Notes from the Expo Floor - Home
Industry and Academia at Supercomputing
Brian Kirk
DEC 13, 2012 13:38 PM
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Supercomputing 2012 was filled with great content, a huge expo floor, and a ridiculous street-closing party complete with motorcycles, ramps, and a buffet. It was eclectic to say the least.

 

One of the more interesting aspects of the conference was interaction between different types of organizations. I have written previously about the need for supercomputing to be recognized as an enabling technology for disparate areas of study, and looking at the fields of research impacted by the vendors on the show floor, it is very apparent that many areas of science and research are reaping the benefits of the ever-growing HPC market space.

 

The conference’s annual student cluster challenge, in its seventh iteration, is exactly what the future needs for innovation in the HPC realm. As per the rules (found here), student teams must team up with a hardware vendor prior to the competition. This year’s winning team, out of the University of Texas, partnered with Dell, Intel, Nvidia, and others, to create a computationally strong cluster.

 

Creating a high-powered computing cluster is in and of itself a challenging task. Having it stay within the power constraints is a much different problem. Working closely with the vendors is a key step in the competition, and one that can provide the students with a much needed—and rare—exposure to dealing with potential post-school interactions.

 

Along those lines, I had a chance to talk to the folks at Silicon Mechanics, one of the vendor sponsors for the Massachusetts Green High-Performance Computing Consortium Team (MGHPCC), and it was personally and intellectually refreshing to hear about their partnership and some of the things that have come out of their relationship (Go here to read IEEE Spectrum's story on MGHPCC). Specifically, I spoke with Art Mann and David Manning from Silicon Mechanics and Dan Kamalic, Manager of Research Computing with Boston University about how both sides of the partnership have benefitted from the arrangement. What would seem to be a one-sided partnership (the company gets a lot of PR from this, right?) actually is a bit more nuanced.

 

Computer Science graduates (to some) may seem like code monkeys, slaving away in dark basements at institutes and IT departments, but as many of us know, that’s not the case (all the time). Dealing with constricting budgets, ever-changing tech, and pressing deadlines, computing professionals must balance technical know-how with a touch of business acumen. A typical student’s time in college is filled with lectures, labs, and homework. That model has been around for a very long time, and while it has its benefits, the winds of change are beginning to creep in (see the aforementioned bit about constricting budgets et al.). Having the students from the MGHPCC work with vendors on needs, constraints, and problems, provides them with invaluable experience prior to entering the workforce. These aren’t typical scenarios for college students, and from the conversations that I had with some of the competitors from the MGHPCC team, they understand the importance of working with vendors and seem grateful for the increased exposure to real-world problems prior to graduation.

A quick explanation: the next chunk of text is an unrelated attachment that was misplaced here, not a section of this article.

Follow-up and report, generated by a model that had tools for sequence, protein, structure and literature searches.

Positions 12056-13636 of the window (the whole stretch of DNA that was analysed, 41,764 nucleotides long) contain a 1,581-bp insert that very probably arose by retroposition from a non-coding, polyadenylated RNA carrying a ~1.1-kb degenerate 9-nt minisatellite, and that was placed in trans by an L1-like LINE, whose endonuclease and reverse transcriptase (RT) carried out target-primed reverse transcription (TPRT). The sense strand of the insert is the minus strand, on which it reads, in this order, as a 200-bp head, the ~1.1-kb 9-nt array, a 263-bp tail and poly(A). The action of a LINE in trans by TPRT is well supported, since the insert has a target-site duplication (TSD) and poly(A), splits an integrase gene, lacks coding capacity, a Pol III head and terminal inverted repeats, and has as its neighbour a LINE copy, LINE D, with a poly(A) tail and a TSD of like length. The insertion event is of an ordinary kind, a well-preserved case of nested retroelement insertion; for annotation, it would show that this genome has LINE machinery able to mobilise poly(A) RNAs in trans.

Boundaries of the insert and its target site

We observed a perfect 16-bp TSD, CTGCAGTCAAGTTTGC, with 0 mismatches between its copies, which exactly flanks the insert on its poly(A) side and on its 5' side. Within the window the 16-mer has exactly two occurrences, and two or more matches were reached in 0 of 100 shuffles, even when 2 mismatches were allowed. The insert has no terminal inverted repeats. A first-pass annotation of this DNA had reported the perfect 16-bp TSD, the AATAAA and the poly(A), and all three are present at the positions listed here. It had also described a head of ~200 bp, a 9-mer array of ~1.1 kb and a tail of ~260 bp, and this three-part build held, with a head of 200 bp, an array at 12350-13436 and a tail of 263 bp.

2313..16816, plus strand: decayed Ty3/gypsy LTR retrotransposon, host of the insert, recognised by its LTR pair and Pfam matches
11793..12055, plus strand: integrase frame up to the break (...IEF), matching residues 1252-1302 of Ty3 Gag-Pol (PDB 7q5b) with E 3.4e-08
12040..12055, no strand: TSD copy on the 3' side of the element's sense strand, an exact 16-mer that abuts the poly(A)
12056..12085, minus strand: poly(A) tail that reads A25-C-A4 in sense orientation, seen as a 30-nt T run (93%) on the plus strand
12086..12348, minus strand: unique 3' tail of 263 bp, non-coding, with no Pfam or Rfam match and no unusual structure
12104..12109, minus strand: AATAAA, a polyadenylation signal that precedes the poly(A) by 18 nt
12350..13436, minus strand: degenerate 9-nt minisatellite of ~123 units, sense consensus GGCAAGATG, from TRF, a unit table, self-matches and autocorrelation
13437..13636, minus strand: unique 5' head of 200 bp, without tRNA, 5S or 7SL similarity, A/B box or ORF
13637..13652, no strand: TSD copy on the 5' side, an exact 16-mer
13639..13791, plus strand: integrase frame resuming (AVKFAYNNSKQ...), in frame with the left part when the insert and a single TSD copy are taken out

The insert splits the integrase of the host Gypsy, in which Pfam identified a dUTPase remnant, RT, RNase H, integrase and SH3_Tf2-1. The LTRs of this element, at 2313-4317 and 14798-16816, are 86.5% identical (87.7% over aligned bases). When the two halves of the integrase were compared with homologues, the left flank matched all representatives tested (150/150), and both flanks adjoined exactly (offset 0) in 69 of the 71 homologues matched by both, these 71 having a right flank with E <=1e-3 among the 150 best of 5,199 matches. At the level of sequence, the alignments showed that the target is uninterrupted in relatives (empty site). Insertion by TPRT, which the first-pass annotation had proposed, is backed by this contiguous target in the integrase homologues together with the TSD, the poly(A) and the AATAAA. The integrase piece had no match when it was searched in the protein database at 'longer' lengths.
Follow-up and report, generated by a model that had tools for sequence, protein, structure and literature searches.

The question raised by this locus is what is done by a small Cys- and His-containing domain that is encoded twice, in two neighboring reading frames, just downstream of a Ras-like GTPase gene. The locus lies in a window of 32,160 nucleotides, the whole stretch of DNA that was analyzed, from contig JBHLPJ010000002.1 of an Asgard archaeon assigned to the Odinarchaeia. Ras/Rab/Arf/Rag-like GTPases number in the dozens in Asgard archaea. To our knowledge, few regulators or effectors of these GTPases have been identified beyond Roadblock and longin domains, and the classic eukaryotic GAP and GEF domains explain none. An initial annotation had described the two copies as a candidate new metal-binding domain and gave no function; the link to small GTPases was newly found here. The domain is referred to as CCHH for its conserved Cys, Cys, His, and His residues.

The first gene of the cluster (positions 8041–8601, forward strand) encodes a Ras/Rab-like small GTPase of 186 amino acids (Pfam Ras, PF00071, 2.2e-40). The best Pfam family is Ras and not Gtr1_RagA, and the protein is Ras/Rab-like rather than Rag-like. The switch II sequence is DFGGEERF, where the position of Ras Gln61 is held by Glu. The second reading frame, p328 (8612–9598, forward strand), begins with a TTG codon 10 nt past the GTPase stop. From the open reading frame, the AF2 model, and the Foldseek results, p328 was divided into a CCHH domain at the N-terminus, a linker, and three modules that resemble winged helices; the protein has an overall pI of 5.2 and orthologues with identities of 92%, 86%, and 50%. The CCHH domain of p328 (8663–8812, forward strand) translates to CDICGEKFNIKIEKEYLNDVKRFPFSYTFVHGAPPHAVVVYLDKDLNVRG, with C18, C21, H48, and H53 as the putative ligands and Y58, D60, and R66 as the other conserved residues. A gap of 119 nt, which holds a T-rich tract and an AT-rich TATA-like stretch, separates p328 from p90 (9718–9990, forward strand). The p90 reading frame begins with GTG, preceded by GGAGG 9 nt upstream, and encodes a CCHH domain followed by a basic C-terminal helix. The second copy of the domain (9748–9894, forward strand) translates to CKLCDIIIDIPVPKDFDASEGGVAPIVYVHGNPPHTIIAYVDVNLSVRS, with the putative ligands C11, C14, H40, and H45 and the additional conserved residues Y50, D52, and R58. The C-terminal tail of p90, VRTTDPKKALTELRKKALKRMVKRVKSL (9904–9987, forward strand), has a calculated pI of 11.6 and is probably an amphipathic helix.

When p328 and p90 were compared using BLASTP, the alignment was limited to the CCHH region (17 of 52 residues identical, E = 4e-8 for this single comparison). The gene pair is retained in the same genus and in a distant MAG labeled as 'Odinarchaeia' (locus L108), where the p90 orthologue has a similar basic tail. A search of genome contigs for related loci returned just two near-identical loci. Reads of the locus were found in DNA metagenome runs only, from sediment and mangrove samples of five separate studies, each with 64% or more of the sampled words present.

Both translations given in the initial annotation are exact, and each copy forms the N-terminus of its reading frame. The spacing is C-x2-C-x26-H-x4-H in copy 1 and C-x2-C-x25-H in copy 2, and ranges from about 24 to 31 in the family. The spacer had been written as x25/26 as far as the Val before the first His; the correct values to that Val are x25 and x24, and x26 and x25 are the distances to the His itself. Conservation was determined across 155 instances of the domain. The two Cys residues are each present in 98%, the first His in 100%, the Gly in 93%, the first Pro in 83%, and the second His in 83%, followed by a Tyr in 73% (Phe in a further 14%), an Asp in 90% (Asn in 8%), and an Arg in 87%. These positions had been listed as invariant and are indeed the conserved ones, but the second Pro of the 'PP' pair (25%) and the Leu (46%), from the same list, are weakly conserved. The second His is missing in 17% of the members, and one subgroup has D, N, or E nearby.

Along those lines, I had a chance to stop in and talk with Mark Bookout from Missouri S&T, along with some of his students. When I first showed up at their booth, they demonstrated a 3D visualization of earthquake data, using a Wiimote as the means of manipulating and rotating the data. Looking at the data, one could see some anomalous aspects to the images, and they talked about how that particular visualization had thrown into question some of the assumptions of the traditional views of the nature of Earth’s crust. After a tangential rant about how awesome that was (where I probably talked way too much and way too excitedly), we started talking about how they handled their CS students.

 

Mark explained that their undergrad CS students often acted as consultants through their school’s Research Support Services department. More than IT staff, they assist other students and faculty in their research areas, utilizing visualization, data collection and analysis, and high-powered computing resources for researchers who aren’t necessarily equipped to handle the computational aspects of their research. The students explained that it has opened up their eyes to the research around them, and it has provided them a chance to problem-solve on a level that many other students (even graduate students) might not get at other universities.

 

Their approach is typical of the types of innovative partnerships that I witnessed throughout the entirety of the Supercomputing conference, as supercomputing isn’t necessarily an end unto itself; it is more of an enabling technology. This technology can assist in all manners of research, but you have to have the expertise of a knowledgeable problem-solver. Limited by budget constraints, these new generations of students are coming out of college with real-world experience at managing resources and looking at problems in new ways. More than anything, it suggests that continued investment in education is a must for many areas of HPC research and development, if not simply for a vibrant test-bed of students ready and willing to push the boundaries of a traditional education (and break existing systems).

 

While the future of supercomputing may seem cloudy (pardon the pun), the students who are starting out in these fields will dictate the direction. For that reason alone, we should pay attention to what they are doing (and help out in any way we can). 

 

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